Generations of Sacramento residents grew up skating at Iceland, a small rink with a big heart on Del Paso Boulevard.
Over the years, the distinctive boulevard’s fortunes declined, but Iceland steadily plugged along, providing enjoyment to skaters of all ages and abilities.
Then on March 28, 2010, when kids began to arrive with their gear bags for figure skating lessons, hockey practice, or just to skate, they found smoking ruins: in the middle of the night, someone had driven up beside the rink and started a fire with gasoline, gutting the structure.
Owner Rob Kerth, an engineer, was pragmatic from the start, observing the debris with professional curiosity. His first inspection showed him that despite dire appearances, the metal pipes below the ice surface and chiller next door were intact, making reopening as an open-air rink feasible.
A wave of volunteers some 700 strong soon assembled to help clear the rubble, and sooner than later, Iceland was back in business, albeit in a very rudimentary fashion.
“We learned a lot,” Kerth said. What they learned was, all you really need are ice and kids, and fun automatically results. Roof, pro shop, snack bar, lockers and other amenities are secondary. Rental skates are slightly more necessary, and Iceland has worked to rebuild its stock of those through fundraisers.
A silver lining to the fire was the way the community rallied around Iceland in its hour of need, said Shannon Mullins, rink manager.
“It really brought everyone together,” she said. “We had an amazing outpouring from the community.”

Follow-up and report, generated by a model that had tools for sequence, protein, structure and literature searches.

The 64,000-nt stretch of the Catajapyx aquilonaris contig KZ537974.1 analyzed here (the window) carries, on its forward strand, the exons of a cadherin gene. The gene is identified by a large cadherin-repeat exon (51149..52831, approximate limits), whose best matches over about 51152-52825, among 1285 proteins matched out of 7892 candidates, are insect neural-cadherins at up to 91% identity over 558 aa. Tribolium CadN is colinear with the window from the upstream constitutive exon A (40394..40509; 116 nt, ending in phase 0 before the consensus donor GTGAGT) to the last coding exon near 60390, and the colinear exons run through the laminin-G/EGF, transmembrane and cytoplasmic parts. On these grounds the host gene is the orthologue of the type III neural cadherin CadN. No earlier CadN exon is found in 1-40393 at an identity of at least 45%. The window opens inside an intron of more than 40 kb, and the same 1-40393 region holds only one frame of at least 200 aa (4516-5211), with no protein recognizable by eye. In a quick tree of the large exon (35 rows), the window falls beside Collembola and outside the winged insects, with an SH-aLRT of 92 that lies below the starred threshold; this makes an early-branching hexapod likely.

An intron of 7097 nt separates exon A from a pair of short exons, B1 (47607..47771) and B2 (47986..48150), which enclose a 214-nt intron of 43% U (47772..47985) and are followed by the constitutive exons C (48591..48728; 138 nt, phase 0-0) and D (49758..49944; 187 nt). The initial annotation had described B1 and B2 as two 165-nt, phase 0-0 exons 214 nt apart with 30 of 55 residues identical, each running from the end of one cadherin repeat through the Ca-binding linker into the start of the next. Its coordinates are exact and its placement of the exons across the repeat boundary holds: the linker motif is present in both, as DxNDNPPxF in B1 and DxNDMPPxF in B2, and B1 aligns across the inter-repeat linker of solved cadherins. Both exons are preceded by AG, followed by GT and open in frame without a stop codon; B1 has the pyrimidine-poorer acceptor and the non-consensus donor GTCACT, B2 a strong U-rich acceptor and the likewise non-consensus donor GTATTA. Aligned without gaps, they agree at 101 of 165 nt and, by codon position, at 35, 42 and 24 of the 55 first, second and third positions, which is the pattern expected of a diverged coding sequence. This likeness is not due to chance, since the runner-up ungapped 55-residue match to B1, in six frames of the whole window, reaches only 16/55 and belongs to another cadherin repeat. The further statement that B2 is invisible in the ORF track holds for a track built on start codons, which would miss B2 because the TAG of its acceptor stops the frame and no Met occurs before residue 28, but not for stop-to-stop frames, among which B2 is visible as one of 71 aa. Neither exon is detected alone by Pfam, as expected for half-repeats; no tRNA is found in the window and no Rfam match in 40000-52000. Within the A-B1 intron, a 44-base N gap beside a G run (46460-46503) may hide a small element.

Unfortunately, police have not found the culprit to date.
Over the past seven years, Kerth and his sister Terri have fund-raised to upgrade the bare-bones rink, put a roof back on the structure and return it to year-round operation. Finally, pieces are falling into place. Plans have been drawn up and a strategy designed to restore the rink’s amenities in stages.
Half of the capital has been raised, and Kerth hopes to be able to borrow the rest, which somewhat rests on a good winter skating season.
“We need things to go right – but it’s not a long shot anymore,” said Kerth.
An outdoor rink can be magical in the right weather, but last year, with its torrential rains that unfortunately tended to pour down on weekends, crowds dwindled. Iceland stays open in most weather – but most people don’t find it enjoyable to skate underwater.
“It was a rough year, yeah,” Kerth said, shaking his head. “Mother Nature.”
Iceland is holding a holiday ice show this weekend, with a good turnout expected. Fundraisers underway include sales of glass blocks that will make up the front windows of the rebuilt Iceland. The blocks, which duplicate the original art-deco inspired exterior, are to be personalized with a message or logo.
Besides open skating sessions, Iceland offers hockey, pond hockey (similar to hockey but with shoes, not skates) broomball (also played in shoes) and figure skating lessons as well as providing a venue for parties.
Built in 1940, Iceland is now the second oldest ice rink in California, the first being the Paramount in Southern California (built in 1939).
With or without a roof, Iceland “gets in your blood,” Kerth said, adding that he has a list of about 400 Sacramento residents who either met their significant other at Iceland, or went there on their first date.
“There’s something magical in the air at Iceland,” Mullins said. “I’ve tried to describe it, but I can’t.”